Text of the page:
No one will seriously argue that the 22 ½-year sentence meted out to police officer Derek Chauvin was too harsh. After all, he was convicted of murder, and the maximum sentence under the law was 40 years in prison. Chauvin is 45 years old and will be 67 if he serves out his full sentence.
Many murders bring lesser sentences: crimes of passion, crimes of desperation, crimes in which there are some mitigating circumstances.
The murder of George Floyd on a Minneapolis street was a special kind of murder. It galvanized a nation desperately needing to reexamine issues of policing and race and ethical standards.
District Judge Peter Cahill, who presided over the case, said that he had based the sentence on the facts established at trial and not “emotion or sympathy.” Chauvin might have been sentenced to a maximum of 15 years under Minnesota sentencing guidelines, but Cahill ruled in May that Chauvin “abused a position of trust and authority” and treated Floyd with “particular cruelty” — exacerbating features authorizing the enhanced sentence.
As a legal matter, it is difficult to question that the sentence was appropriate. Trial judges, even where there are prescribed sentencing guidelines, have virtually unfettered discretion to fashion criminal sentences based on the background of the defendant, the possibly aggravated nature of the crime, the impact of the crime on the victim’s family and the vindication of the public interest. As Daniel WebsterDaniel Alan WebsterLaura Loomer says she's tested positive for COVID-19 How Donald Rumsfeld helped save the presidency Gun deaths surge in Iowa ahead of loosened handgun restrictions MORE famously said, “Every unpunished murder takes away something from the security of every man's life.”
But the interpretation of this particular sentence, whether too lenient or too severe, will leave a lasting benchmark. Chauvin’s sentence awarded him the dubious distinction of being only the second police officer in Minnesota history to be jailed for an on-duty murder and one of only a few officers nationwide. According to data amassed by Ohio criminologist Philip Stinson, Chauvin joins the list of eight officers convicted of murdering someone on duty since 2005, with sentences ranging from six years to life.
I wish I could conclude that these figures tell us that such horrific acts as Chauvin’s are few and far between. Unfortunately, they tell us that police brutality is not prosecuted in the same way as other murders. Prosecutors, judges and juries have historically given the police the benefit of the doubt.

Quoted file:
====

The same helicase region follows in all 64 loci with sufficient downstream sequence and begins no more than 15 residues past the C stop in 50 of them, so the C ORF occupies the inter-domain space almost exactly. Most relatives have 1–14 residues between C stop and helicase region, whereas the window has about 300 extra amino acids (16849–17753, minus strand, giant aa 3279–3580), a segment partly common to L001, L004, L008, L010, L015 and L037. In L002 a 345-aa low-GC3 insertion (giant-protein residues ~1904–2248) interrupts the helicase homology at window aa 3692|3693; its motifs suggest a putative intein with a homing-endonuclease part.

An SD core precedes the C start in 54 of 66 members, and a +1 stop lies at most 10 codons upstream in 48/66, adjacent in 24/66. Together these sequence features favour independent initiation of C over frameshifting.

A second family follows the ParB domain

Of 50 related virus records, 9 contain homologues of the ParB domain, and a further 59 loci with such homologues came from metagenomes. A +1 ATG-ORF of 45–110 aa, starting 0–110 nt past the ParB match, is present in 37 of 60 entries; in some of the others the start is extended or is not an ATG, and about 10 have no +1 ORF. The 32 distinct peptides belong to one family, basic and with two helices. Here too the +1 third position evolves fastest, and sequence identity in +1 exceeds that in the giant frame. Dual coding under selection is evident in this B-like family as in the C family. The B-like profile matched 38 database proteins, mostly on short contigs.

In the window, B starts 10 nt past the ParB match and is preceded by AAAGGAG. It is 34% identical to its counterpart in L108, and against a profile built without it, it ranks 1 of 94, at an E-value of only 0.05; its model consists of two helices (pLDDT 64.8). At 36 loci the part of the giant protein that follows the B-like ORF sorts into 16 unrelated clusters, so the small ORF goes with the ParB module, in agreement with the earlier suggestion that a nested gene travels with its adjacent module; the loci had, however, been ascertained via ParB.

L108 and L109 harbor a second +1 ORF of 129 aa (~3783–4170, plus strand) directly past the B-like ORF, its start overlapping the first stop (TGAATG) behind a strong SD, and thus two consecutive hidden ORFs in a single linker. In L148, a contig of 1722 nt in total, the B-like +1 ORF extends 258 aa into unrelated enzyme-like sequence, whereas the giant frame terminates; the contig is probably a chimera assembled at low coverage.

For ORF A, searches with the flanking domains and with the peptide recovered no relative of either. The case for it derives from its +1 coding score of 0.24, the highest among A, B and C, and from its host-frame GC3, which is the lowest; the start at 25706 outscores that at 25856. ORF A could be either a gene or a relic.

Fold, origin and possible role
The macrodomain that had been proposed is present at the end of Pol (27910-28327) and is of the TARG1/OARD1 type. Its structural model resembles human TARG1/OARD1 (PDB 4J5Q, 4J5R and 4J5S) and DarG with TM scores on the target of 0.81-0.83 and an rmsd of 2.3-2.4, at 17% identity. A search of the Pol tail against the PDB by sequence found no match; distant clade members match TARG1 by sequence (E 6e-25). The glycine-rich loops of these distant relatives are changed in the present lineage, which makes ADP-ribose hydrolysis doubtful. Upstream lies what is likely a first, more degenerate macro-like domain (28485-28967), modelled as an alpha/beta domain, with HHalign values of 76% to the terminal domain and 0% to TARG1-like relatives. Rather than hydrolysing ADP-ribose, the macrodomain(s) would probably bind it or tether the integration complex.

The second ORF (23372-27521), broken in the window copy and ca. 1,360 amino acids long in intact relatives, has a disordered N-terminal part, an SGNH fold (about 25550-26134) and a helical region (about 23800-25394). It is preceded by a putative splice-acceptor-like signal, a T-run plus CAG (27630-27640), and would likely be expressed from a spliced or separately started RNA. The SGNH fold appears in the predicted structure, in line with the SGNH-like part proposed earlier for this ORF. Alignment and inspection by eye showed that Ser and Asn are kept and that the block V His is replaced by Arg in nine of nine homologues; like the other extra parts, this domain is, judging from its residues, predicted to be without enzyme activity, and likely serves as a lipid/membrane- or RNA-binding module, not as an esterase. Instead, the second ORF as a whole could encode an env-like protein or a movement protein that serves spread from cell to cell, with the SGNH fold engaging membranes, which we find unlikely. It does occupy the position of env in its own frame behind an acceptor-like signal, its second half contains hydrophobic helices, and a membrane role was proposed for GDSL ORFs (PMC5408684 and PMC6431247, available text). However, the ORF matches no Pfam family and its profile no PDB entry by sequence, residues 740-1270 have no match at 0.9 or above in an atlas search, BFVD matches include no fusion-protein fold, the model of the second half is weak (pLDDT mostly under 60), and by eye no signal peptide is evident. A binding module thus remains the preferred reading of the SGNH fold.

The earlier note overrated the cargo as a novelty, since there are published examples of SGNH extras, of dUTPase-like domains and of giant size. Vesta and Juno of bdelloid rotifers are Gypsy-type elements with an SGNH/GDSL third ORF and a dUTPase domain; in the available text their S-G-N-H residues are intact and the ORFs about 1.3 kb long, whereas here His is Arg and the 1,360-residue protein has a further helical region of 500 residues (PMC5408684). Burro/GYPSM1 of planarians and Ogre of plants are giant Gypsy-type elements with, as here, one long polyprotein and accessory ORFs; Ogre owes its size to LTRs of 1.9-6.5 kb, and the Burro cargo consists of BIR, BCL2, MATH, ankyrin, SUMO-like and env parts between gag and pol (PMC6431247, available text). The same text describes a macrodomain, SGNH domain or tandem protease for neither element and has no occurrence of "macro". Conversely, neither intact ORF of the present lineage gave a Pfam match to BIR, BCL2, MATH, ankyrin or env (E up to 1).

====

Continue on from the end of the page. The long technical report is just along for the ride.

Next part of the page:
Many of the cases have gone unpunished for lack of evidence. Until the advent of body cameras, police officers had more wiggle room to distort the facts, cover up for one another and make some reasonable claim of self-defense. Also, juries and prosecutors would give officers the benefit of the doubt. After all, we understand that the police must often make life-or-death decisions in confronting violent criminals, and to guess wrong means that it will be the officer, who is there to enforce the law, and not the criminal who winds up in an early grave.
And there has been the ugly issue of race. Anecdotally, white prosecutors and white juries have been loath to convict a white cop who has murdered a black man in custody. After all, black lives didn’t matter, until recently.
But the case of Derek Chauvin changed everything. Chauvin had a disciplinary history of police brutality and should not have been on the force in the first place. He stands indicted for another crime, a federal civil rights charge alleging that he slugged a 14-year-old with a flashlight and kneeled on him during a 2017 arrest. As the legendary former New York City Police Commissioner Raymond Kelly has said, “It’s critical that you not hire your problems. Right now, I don’t think we’re identifying enough people who have deep-seated psychological problems.”
In the case of Chauvin, the evidence was incontrovertible. Cellphone videos by passersby recorded every second of the crime as Chauvin’s knee brutally choked out George Floyd’s life. The distinguishing feature about the case is not that a murder in custody happened but that it was so well documented as to be indisputable.
What underscored the brutal nature of the crime was the cold face of Chauvin as he went about his murderous task. Sunglasses on his head and hands nonchalantly in his pockets, he seemed to be carrying out a task that was not even unpleasant with no awareness that it was a human being under his knee. All in a day’s work.
There is no hatred in Chauvin’s eyes. Instead, there is something even darker: a look of profound indifference. The Holocaust survivor Elie Wiesel said that to an indifferent person, “his or her neighbor are of no consequence. ... Their hidden or even visible anguish is of no interest.”
A police officer is a member of an honorable and necessary profession. We retain them to do something that we can’t do for ourselves. Rogue cops such as Chauvin do untold damage to the profession. They give comfort to the cynic, particularly because the crime is committed by someone charged with a special duty of enforcing the law.
Will the Chauvin sentence lead us to defund the police? Let’s hope not. We need them badly in a society where quite sadly “violence is as American cherry pie.” Will it lead us to police reform, more diversity and inclusion in our police departments, more comprehensive training and a better-educated police force? Let’s hope so. Meanwhile, Chauvin’s sentence vindicates our sacred right to justice.
James D. Zirin is a former federal prosecutor.